This radicalism (at least in America) is going to lead to political insignificance on the Left, as mainstream voters are going to reject radicalism and keep electing Republicans throughout this period.
Olivier5
 
  2  
Reply Tue 13 Jun, 2017 12:16 am
@oralloy,
You now have a radical in the white house, and another one, Sanders, almost made it. Corbyn got a great surge. So no: radicalism does not scare UK/US voters anymore.
Walter Hinteler
 
  2  
Reply Tue 13 Jun, 2017 01:05 am
Quote:
Labour and Conservative MPs have reportedly met for secret talks amid growing pressure on Prime Minister Theresa May to take a cross-party approach to Brexit in light of the hung Parliament following the general election.
Source
Olivier5
 
  1  
Reply Tue 13 Jun, 2017 01:42 am
@Walter Hinteler,
Would make a lot of sense.
Walter Hinteler
 
  2  
Reply Tue 13 Jun, 2017 05:06 am
@Olivier5,
http://i.imgur.com/nHdREJv.jpg

http://i.imgur.com/JdNrBuh.jpg
0 Replies
 
Walter Hinteler
 
  1  
Reply Tue 13 Jun, 2017 05:21 am
As an aside:
the number of Britons becoming German citizens rose by 361% in 2016, amid concerns that Brexit could make it more difficult for British people to live and work in the EU.

The number is expected to be considerably greater next year, as most Britons applying for a German passport did so only after the referendum and most applications take from six months to a year to process.
Under current rules, Britons can maintain dual citizenship if they gain German citizenship even after Britain’s scheduled exit from the EU in March 2019.

There are about 100,000 Britons living in Germany, plus (as of this month) around 4,000 armed forces (all now only "in my neighbourhood") with their families and civilian employees.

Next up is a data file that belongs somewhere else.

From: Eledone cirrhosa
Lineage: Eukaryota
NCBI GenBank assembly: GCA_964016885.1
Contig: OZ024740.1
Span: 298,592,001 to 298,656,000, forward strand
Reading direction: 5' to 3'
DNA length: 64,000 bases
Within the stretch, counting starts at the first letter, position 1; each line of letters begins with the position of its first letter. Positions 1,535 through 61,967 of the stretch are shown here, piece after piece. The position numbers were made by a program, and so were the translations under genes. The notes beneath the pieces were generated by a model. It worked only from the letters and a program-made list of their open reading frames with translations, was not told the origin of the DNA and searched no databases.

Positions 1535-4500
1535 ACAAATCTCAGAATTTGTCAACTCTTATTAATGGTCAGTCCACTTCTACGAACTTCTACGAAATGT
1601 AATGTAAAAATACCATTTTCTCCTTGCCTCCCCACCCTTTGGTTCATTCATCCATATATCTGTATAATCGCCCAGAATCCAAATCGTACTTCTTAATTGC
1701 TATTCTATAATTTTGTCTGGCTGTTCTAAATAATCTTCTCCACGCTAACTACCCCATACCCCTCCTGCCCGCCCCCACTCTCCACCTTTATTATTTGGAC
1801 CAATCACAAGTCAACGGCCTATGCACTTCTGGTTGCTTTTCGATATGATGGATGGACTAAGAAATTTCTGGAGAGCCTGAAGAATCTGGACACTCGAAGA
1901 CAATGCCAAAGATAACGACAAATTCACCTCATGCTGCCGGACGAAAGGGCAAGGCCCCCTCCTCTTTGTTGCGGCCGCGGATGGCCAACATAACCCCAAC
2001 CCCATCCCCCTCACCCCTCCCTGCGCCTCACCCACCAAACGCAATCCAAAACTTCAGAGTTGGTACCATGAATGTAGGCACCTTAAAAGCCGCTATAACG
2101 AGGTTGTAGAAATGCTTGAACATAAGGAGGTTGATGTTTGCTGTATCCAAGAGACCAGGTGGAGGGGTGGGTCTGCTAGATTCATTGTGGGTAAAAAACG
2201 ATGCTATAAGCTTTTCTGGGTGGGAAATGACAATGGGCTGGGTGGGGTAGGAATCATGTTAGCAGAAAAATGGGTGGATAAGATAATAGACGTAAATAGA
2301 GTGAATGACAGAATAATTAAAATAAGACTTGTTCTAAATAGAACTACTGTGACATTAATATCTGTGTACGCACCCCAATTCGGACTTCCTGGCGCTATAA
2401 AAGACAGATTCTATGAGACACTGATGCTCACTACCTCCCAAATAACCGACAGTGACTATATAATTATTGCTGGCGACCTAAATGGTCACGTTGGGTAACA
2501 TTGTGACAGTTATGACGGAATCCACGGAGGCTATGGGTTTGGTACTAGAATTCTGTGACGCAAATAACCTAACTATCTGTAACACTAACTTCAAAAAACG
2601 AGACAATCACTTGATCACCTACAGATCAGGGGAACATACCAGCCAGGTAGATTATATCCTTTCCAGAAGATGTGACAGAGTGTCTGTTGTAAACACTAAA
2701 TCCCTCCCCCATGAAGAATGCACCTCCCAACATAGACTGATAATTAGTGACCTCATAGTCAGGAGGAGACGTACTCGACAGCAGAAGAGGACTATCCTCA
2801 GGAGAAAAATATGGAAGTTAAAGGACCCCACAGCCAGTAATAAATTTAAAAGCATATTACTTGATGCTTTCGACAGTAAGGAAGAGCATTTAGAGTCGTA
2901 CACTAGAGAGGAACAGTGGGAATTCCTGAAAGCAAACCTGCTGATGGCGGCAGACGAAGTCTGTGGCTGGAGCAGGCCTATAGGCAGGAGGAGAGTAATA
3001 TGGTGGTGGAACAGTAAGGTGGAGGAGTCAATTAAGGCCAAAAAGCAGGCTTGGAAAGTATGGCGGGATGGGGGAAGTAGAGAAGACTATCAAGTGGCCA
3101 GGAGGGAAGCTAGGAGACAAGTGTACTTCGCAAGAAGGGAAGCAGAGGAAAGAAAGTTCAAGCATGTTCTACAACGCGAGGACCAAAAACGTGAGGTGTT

0 Replies
 
oralloy
 
  -2  
Reply Tue 13 Jun, 2017 06:07 am
@Olivier5,
Olivier5 wrote:
You now have a radical in the white house, and another one, Sanders, almost made it. Corbyn got a great surge. So no: radicalism does not scare UK/US voters anymore.

I don't really think of Trump as a radical, although he is certainly shaking things up and making changes.

The American voters will never be interested in electing a far left extremist type of radical. The Republicans are going to hold the White House for the next 20 years because of it.

Corbyn is a dangerous nutcase. I expect in future elections there will be a lot of British voters who otherwise would have considered voting for Labor, but will vote for the Tories for as long as Corbyn heads up Labor. Whether that will keep the Tories in power or not I can't say. But it might.
Olivier5
 
  5  
Reply Tue 13 Jun, 2017 06:50 am
@oralloy,
Quote:
The American voters will never be interested in electing a far left extremist type of radical.

I am not talking of extremists, like the Black Panters or for that matter Trump (who's pretty extreme). I'm talking of Sanders, who's the most popular American politician right now according to a Harvard-Haris poll in April (57% approval). Bernie could well have won the election if he had run as an independent, and he had a very good run in the Dems primary in spite of the DNC being staked against him. This guy is highly electable. And America needs more people like him: reasonnable, realistic yet principled left-leaning politicians.
0 Replies
 
Walter Hinteler
 
  2  
Reply Thu 15 Jun, 2017 06:40 am
Thanks, Brits – Brexit has vaccinated Europe against populism
Quote:
[...] Watching Brexit unfold is such a pleasure. One year on from the referendum of 23 June 2016, it is now clear that what we predicted is coming true: leaving the European Union is exceptionally difficult (assuming it is even possible), carries an undeniable cost, and plays havoc with the politics of the country attempting it – as the fiasco of Britain’s snap election, on 8 June, amply demonstrates.

That’s why I was in favour of a victory for leave: it would mean all the Europhobes and Eurosceptics of the union would see their dreams shatter on the brick wall of reality. So I would like to express my profound gratitude to the British people, who have once more demonstrated a spirit of sacrifice that is greatly to their credit. Thanks to them, the people of Europe will be vaccinated against populist adventurism for some time to come.